A Morning at the Pyramids, and Problems with Visas for Sudan

Post No.5 — Looking back 40 years to 22 January 1981

We had been split into teams of three for each day’s cooking and dishwashing duties so I was first-up for this on day one, working with an American married couple, Pat & Jeannie. The effect seemed to me somewhat like going into a stranger’s kitchen and getting in between a couple who knew how each other worked, and simply getting in their way! {:-)

The Sphinx and the Pyramids of Giza. Not many sites will be better known than these, anywhere in the world. [Copyright image, 1981.]

With breakfast over, it was time to go a very short distance the the famous Pyramids of Giza.

Most of the facing stones that used to make the entire pyramids smooth have long since been lost due to the weather and to people climbing on them, [Copyright image, 1981.]

It would be nice to say they were splendid, and indeed they — the actual pyramids — were. But the area around them was extremely messy, including coils of old barbed wire and masses of waste paper.

Because of its smaller size, it was possible to get closer to the Sphinx and still be able to get it in a photograph, and this at least hid all of the litter I mentioned above. [Copyright image, 1981.]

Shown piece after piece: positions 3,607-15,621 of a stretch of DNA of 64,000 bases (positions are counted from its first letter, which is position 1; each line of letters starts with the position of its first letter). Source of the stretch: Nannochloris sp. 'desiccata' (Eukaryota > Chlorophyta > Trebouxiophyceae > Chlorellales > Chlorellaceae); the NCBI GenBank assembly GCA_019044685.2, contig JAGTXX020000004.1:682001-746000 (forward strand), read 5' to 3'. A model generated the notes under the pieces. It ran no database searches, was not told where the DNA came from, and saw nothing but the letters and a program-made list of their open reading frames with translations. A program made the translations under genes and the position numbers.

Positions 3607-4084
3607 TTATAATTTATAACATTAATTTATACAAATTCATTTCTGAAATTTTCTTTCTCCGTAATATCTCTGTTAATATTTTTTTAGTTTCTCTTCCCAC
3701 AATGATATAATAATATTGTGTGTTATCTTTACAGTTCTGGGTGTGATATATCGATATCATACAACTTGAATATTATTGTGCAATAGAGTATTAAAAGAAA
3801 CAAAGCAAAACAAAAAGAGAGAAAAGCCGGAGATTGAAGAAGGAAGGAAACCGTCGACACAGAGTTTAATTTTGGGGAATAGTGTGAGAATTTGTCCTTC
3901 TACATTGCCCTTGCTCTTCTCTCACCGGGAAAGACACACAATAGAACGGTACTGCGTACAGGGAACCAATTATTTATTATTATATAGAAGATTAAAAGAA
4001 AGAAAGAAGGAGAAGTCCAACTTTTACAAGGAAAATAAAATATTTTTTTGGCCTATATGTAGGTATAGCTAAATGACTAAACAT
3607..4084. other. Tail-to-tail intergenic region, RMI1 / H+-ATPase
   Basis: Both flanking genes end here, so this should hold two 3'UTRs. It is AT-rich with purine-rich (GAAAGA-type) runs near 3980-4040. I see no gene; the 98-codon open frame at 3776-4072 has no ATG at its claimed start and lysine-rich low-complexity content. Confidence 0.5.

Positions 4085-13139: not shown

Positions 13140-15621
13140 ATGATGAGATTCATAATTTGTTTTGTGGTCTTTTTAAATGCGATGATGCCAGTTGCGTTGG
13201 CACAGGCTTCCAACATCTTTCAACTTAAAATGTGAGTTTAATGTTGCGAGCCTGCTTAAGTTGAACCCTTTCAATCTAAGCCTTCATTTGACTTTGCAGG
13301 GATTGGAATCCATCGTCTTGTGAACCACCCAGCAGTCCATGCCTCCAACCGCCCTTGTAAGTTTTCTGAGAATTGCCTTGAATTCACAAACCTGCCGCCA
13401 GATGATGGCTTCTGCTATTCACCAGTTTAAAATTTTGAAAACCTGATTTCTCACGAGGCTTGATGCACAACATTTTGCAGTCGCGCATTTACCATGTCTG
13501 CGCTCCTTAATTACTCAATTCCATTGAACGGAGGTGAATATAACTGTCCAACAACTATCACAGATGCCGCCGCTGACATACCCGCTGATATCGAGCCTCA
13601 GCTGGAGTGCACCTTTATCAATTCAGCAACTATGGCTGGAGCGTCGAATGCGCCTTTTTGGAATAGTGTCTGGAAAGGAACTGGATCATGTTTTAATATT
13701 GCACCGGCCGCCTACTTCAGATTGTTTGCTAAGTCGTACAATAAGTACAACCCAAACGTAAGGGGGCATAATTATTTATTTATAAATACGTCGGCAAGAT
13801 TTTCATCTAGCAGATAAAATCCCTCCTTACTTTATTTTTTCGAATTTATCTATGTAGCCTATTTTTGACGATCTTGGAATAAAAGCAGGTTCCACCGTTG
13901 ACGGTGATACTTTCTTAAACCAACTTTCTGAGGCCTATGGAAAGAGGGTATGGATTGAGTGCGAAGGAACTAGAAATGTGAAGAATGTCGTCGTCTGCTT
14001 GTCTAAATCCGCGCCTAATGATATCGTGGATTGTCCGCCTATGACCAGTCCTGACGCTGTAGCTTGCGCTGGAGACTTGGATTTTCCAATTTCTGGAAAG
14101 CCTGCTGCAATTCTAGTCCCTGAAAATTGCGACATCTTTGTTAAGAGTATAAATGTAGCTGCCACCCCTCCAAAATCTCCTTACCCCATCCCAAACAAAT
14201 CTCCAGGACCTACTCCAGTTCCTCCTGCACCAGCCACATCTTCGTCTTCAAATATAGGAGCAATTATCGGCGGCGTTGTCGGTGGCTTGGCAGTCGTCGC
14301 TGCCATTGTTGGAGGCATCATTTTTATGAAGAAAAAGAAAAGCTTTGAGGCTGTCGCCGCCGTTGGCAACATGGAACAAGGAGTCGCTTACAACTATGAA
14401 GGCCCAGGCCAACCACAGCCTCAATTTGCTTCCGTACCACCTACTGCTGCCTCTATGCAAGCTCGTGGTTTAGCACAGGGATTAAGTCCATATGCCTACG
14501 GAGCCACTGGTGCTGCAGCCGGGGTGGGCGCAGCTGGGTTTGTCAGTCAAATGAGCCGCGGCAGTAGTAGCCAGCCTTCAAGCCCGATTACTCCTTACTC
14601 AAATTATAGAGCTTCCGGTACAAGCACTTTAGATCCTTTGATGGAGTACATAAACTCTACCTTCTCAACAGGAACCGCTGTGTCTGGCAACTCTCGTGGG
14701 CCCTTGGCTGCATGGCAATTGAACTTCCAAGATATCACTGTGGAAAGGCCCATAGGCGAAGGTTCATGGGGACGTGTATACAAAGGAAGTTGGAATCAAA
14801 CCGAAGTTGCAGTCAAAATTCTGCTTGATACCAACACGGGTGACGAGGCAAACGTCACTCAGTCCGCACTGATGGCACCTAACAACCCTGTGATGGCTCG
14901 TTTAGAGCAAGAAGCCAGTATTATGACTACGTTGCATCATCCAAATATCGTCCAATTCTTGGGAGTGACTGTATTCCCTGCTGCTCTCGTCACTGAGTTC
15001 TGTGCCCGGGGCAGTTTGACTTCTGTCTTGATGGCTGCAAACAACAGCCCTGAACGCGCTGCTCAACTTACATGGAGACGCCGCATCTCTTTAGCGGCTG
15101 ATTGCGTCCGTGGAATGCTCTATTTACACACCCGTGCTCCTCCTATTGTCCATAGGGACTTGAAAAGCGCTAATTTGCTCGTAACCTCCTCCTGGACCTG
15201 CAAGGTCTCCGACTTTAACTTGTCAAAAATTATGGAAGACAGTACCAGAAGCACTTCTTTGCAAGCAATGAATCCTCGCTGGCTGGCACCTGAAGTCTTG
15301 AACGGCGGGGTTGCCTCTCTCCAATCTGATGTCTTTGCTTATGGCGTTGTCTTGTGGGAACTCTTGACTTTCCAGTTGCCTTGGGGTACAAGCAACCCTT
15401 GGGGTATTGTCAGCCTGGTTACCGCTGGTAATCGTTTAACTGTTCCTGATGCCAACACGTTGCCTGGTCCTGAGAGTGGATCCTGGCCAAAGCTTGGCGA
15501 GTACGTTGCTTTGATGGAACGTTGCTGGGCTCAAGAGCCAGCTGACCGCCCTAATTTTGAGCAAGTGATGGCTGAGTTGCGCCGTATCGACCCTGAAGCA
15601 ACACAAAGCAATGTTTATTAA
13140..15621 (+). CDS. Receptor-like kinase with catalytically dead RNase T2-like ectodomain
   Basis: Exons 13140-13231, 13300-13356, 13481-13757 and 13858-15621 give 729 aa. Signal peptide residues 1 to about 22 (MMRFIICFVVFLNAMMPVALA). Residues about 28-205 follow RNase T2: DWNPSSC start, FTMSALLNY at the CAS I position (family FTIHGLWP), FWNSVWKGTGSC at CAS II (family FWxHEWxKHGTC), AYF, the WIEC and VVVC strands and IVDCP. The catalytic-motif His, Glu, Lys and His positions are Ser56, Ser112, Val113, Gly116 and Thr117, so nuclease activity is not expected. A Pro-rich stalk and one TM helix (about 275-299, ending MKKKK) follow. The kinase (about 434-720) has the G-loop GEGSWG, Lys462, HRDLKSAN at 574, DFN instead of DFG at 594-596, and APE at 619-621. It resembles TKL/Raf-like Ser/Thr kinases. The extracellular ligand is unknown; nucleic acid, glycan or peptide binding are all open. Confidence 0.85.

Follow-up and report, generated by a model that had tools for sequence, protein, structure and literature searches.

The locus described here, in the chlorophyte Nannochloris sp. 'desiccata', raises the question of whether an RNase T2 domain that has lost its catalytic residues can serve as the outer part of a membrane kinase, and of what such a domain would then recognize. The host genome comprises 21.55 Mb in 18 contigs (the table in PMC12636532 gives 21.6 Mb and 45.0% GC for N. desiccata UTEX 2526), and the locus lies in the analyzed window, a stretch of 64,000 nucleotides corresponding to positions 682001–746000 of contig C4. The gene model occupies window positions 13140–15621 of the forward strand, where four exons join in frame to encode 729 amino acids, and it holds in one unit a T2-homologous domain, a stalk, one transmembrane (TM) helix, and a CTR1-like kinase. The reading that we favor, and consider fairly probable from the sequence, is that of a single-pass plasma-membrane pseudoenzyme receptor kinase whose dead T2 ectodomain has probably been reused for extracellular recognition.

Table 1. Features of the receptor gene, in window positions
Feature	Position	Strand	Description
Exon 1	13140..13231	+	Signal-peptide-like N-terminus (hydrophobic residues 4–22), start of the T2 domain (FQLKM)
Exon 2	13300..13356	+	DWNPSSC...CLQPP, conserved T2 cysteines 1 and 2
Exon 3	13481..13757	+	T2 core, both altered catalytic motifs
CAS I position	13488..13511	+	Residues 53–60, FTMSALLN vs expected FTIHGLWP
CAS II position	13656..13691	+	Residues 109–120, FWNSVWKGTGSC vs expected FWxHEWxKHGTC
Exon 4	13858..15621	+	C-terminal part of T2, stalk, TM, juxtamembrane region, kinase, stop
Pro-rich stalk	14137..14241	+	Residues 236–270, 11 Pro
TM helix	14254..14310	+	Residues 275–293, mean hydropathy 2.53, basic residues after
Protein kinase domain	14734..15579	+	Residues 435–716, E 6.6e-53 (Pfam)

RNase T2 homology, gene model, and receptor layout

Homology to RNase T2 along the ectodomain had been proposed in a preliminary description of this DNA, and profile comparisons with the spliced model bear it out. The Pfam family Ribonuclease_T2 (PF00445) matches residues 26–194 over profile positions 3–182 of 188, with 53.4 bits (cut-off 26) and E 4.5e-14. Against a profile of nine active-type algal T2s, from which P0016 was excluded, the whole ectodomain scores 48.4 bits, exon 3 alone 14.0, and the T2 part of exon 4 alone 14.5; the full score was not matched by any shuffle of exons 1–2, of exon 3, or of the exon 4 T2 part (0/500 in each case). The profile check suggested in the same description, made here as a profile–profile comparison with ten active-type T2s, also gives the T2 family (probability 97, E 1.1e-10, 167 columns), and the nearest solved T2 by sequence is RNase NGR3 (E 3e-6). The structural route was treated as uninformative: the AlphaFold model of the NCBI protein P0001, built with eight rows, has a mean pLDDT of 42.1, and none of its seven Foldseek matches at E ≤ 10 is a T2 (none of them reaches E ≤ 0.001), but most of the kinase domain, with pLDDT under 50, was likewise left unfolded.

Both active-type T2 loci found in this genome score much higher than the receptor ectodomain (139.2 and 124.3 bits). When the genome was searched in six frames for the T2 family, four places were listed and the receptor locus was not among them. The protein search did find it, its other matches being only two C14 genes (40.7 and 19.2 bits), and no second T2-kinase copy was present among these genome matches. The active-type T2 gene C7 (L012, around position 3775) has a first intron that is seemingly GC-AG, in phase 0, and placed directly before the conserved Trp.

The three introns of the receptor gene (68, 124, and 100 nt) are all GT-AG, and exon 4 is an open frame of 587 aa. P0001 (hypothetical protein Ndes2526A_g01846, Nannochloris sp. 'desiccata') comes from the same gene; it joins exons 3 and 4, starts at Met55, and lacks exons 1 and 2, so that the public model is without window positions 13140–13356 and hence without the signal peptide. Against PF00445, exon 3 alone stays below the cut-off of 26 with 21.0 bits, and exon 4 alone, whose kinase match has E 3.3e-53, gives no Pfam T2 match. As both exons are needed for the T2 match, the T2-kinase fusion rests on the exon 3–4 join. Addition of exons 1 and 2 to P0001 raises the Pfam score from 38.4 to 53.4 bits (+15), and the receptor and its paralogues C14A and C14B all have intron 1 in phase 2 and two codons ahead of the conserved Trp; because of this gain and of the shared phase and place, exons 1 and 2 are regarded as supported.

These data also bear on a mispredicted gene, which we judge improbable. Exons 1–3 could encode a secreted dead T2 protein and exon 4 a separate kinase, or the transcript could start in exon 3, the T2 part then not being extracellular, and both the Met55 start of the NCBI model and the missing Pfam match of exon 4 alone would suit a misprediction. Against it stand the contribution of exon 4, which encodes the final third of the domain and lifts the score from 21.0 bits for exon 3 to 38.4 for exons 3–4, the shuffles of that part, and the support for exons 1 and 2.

So, in more ways than one, I focussed more attention on the Sphinx,

Legend has it that Napoleon’s troops shot off the nose of the Sphinx with a canon. American’s would legitimately say: “Yeah, right!” [Copyright image, 1981.]

News was starting to reach us that the troublesome Colonel Ghaddafi in Libya had allegedly made threats towards Sudan, the next country on our planned schedule, and our enquiries at the Sudanese Embassy in Cairo suggested that their borders were being closed and thus no visas were likely to be issued in the near future.

What were we to do? None of us were here just for Egypt. The plans were that we would leave the country in two weeks’ time, continue to roughly follow the course of the Nile to Khartoum, the capital, then head down to cross the Kenyan border and end up in Nairobi.

Maybe we could sneak into Sudan by camel! {:-) [Copyright image, 1981.]

It was decided between us that all we could do was use Cairo as a loose base, then head off to different places in Egypt and simply keep coming back to the city to find out whether the visa situation had improved.

So where should we go first?

Alexandria was an immediate suggestion. Despite having just come from there in ‘the great escape‘ yesterday, I couldn’t and didn’t complain. We had to do something constructive with our time. And after all, I hadn’t actually seen the sights of the city, we had just come through as quickly as possible.

Then somebody added a wonderful extension to the Alexandria idea. How about going beyond Alex’, to the World War II Allied War Cemetery?

We Brits, plus the Canadians and the Aussies, all got excited about this, and the deal was done.

After we got some bottled gas, we set off northwards straight away but didn’t pass through Alexandria until well after dark and eventually found somewhere to camp about an hour later.

After we had eaten, an Arab man came up to our campfire and wanted to sell us a very large block of Cannabis, which he described as ‘Moroccan Gold,’ for just five Egyptian pounds (£3 UK). Nobody took him up on it.

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